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Hey all,

I have a 5 month old standard poodle puppy, she is beautiful and has been really good for many weeks now. We’ve made good progress with her training and are attending weekly sessions but we are struggling with her biting. We tend to find she will be absolutely fine and then she gets a wild look in her eye and all she wants to do is bite me hard. It punctures the skin and can bleed sometimes too. When I walk her she’ll run at me, jump and bite my arm hard too. I do what I’ve been advised and completely ignore her but the minute I walk again she’ll just start again. She did this when she was young stopped for a good month but has just started doing it again, the issue is she’s quite big now so it hurts! She’s also not listening to me as much as she used to, she used to sit, down, stay on command now she will try to avoid doing it.
We take her on two walks a day for 20 minutes each, play with her, train her, give her attention so I feel it isn’t an exercise problem. Does anyone have any advice, is this normal behaviour at her age?
 

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This isn't something I've experienced but Noodle is only 6 months old so who knows what could happen in adolescence! Do you make any noise when she bites you (e.g. a squeal or shout) so that she knows that's why you're ignoring her, and do it every single time she bites? If you do and she still bites, I would probably bring it up with her trainer and maybe see if you can arrange a 1-1 session for her, because it must be horrible for you to get bitten all the time with no warning.

For her training, I think that's normal at this age - I would just keep going using high-value treats (something she really loves like chicken or cheese) and keep the sessions nice and short :)
 

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I shove a stuffed animal or a tennis ball in Galen's mouth when he gets that wild look in his eye. It helps tremendously with leash chewing and nipping at my sleeve. He can't nip when his mouth is full of something else. Plus the neighbors think its adorable to see the little black dog trotting along with his matching red leash, collar, and ball.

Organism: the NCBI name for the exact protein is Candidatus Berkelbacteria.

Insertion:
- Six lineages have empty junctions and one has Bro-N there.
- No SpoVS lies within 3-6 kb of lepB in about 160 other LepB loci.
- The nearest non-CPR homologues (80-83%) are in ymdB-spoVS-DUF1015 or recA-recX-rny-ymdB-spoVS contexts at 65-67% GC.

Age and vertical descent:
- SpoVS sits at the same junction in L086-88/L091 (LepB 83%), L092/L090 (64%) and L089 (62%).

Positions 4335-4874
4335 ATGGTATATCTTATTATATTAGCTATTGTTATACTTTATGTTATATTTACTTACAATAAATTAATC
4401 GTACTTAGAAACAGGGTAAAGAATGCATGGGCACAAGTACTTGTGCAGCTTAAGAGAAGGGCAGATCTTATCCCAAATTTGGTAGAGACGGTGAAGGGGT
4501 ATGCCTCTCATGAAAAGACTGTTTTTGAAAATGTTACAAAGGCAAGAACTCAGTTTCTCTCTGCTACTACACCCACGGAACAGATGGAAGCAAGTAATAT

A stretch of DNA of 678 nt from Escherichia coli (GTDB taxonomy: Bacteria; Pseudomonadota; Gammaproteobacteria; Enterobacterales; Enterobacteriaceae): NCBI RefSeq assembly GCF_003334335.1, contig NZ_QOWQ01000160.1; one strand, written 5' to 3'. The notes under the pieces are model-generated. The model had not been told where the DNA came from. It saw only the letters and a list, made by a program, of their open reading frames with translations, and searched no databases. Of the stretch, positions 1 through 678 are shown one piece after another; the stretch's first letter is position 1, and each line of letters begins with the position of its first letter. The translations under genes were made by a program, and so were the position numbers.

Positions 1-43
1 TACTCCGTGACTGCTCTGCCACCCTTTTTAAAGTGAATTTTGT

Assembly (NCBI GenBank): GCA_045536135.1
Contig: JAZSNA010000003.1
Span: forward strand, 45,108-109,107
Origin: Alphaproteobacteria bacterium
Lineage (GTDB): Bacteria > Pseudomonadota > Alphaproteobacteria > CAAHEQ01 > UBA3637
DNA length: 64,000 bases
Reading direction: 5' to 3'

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You’ve described my 5 month old mini poodle’s behaviour. I hope her ´ ankle biting’ is age related and resolves as she matures. All tips and advise are welcome. Perhaps more exercise may help. I enjoy a tired puppy 🐶
 

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Puppies, like small children , sometimes dont know whrn to quit or have the self control to quit. I did the ignore thing, or left the room, and if that didnt work, settled her down for a snuggle or a nap in her crate. After a nap - she was back to being my nice puppy again.Tired is good, but overtired can be bitey. I also worked on self conteol with play - if i saw that gleam in the eye, switching to asking for a sit or a down for a second or two before continujng play. If she wouldnt or couldnt sit, i knew it was time to stop playing, as she was way too wound up.
 

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What I have found worked for me with dogs has been the dramatic yelp. Dogs correct each other by yelping if one plays too rough, so they can learn the same way that any teeth on a person hurts. Whether it is accidental during tug, or on purpose, and if it is a hard bite, or the teeth hardly touch me, I always dramatically yell and act like it hurt a lot.
 

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And now I am going to say the dramatic yelp ABSOLUTELY DID NOT work for any of our three current dogs. It made Lily distinctly more wild and more bitey. This is probably teething related/adolescent insanity stuff. I did not give Javelin a chance to get to the point where he was full on whale eyed and bitey. He got time outs. I have taught all my dogs it is okay to gently mouth and to accept having my hands in their mouths as long as the mouths were soft (helps when giving pills).